the mottled leaves thick with mud
and slugs, I wonder if these plants,
robust now, will stand another
season in this shaded corner.
If not, next spring my husbandwill surprise me bearing rhizomes,
and plant them so my garden
will be as my mother’s, and
her mother’s and, perhaps, all
our mothers’ before.
I’ll slice the stalks into chunksfor pie, mine has strawberries,
though she says berries ruins
the rhubarb; she makes sauce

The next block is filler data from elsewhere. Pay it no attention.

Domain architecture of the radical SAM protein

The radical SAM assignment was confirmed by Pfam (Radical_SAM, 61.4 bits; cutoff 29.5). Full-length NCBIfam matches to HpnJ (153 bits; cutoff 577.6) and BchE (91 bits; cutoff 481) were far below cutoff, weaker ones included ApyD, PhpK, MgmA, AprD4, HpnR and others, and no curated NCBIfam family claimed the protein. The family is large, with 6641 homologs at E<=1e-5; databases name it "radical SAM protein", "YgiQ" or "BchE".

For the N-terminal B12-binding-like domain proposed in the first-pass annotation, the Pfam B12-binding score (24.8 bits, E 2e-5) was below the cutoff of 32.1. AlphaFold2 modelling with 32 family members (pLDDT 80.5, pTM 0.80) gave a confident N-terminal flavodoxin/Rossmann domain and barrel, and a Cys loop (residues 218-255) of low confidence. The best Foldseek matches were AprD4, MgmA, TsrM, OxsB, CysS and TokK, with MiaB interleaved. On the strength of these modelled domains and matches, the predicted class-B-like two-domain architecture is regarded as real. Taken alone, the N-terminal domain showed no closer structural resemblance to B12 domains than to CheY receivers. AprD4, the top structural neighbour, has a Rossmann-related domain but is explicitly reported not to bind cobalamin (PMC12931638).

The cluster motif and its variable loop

and eats from the pot, still warm,
spoon clanking against the sides,
a smile trespassing her face.
Tendering these stalks, making the pie,heralds me a holder of apron
strings, honoring our history
unmarked with words or trophies, and
thus, all the more important.
I wonder how my daughterwill grow her rhubarb.
My mother loves many things, but in the food world one of the things she loves most is rhubarb. I also love the tart fruit, as does my daughter (in the form of pie). Every spring I look for the leaves to emerge from the black, rotten-looking stump of a stem. When they finally pop through the earth, I think of my mom, both of us celebrating spring's arrival.
Happy Mother's Day Mom! And to all the mothers in the world.